In a Berlin project, Vattenfall and BMW have demonstrated the practicality of low emission electric vehicles. The wind-to-vehicle application was welcomed by the users, however public charging stations proved expensive.
Between June 2009 and August 2010, 50 BMW MINI E (Battery Electric Vehicle, BEV) were in operation in Berlin during two sections of six months. The MINI E users have been private households and car fleets at Vattenfall and the car-sharing companies DB Car Sharing and Car Club Sistine. The project was funded by the Federal Ministry for Environment, Nature Conservation and Nuclear Safety.
Charging infrastructure developed by Vattenfall
Vattenfall supplied certified ‘green’ electricity in order to lower CO2 emissions and developed the necessary charging infrastructure for EV charging in the private and public spheres.
The 50 MINI E were charged at home or at work via a charging box that ensured a maximum use of excess wind power (wind-to-vehicle, W2V) without limiting the daily mobility.
In addition, Vattenfall Distribution installed and operated a number of public charging points in Berlin. The bill for public charging was added to the normal electricity bill of each car owner.
Limited driving range not a problem
Main results from this demonstration project were:
- The wind-to-vehicle application worked and was welcomed by the users.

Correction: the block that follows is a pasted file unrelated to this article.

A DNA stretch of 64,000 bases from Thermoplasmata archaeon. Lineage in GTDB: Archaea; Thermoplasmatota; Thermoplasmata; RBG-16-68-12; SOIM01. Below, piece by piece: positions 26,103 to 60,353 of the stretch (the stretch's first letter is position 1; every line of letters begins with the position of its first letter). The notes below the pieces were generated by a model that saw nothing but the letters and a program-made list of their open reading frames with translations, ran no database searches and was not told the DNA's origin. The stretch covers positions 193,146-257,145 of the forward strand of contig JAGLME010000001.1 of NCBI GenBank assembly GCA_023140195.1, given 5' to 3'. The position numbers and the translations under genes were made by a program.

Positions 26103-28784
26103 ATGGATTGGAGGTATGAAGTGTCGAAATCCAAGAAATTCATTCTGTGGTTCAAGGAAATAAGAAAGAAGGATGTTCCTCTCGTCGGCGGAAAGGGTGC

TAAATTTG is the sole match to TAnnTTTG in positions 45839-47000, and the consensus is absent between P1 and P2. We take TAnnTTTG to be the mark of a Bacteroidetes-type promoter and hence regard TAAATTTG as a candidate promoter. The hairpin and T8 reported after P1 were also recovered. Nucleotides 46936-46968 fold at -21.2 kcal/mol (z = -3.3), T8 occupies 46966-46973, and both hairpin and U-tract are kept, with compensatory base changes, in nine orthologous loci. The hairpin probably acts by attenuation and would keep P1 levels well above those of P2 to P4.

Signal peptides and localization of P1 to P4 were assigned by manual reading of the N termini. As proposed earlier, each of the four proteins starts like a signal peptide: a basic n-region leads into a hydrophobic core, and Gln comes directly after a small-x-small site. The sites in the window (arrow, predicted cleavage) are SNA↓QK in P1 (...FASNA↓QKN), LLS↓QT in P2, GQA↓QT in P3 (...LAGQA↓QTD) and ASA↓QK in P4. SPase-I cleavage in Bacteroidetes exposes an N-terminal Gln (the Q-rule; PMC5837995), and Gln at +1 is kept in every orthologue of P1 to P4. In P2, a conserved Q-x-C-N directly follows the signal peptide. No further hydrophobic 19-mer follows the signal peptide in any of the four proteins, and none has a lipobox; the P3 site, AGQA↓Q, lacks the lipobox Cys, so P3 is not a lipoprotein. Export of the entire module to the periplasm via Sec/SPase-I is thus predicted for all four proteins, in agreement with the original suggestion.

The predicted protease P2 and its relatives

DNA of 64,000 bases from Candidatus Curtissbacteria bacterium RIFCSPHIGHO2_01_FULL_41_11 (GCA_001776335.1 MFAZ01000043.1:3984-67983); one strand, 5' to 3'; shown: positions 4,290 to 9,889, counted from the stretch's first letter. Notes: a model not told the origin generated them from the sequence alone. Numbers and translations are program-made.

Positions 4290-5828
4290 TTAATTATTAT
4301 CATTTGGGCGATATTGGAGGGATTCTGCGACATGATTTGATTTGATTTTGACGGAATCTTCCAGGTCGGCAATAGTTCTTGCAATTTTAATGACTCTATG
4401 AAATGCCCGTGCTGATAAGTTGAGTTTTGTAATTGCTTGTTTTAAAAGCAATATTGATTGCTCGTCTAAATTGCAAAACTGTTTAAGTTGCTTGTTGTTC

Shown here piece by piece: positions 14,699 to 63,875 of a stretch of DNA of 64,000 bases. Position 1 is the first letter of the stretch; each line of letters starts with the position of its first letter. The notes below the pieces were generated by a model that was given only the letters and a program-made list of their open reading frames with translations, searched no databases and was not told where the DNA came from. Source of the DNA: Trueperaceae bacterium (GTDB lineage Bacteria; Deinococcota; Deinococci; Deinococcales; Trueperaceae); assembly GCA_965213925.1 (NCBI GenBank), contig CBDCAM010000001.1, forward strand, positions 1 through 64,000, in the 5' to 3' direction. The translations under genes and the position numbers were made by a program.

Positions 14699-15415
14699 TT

- In comparison to conventionally fuelled cars the limited BEV driving range was not a problem in everyday use.
- The relatively long BEV charging time did not affect the daily mobility.
- EV test drivers with charging options at home and/or at work usually did not use the public charging option.
- The technology at the public charging stations proved more vulnerable and expensive.
- Charging support to EV users who do not have their own car parking space, but instead park their vehicle by the road, is very complex and expensive with the current battery technology.
Upon successful completion of the first field experiment (MINI E 1.0) 70 MINI E were used in Berlin in the follow-up project (MINI E 2.0). New cases and user groups were considered, especially home users that cannot load at home, and large fleet customers. In addition, a ‘mobility assistant’, was included – a customer-friendly mobility package to support charging and provide parking. The charging stations installed by Vattenfall in public places of Berlin are still accessible.
You can find more information about the project including final project reports in German:
MINI E Berlin (in German, new window)
MINI E Berlin 2.0 (in German, new window)
Contact person: Franziska Schuth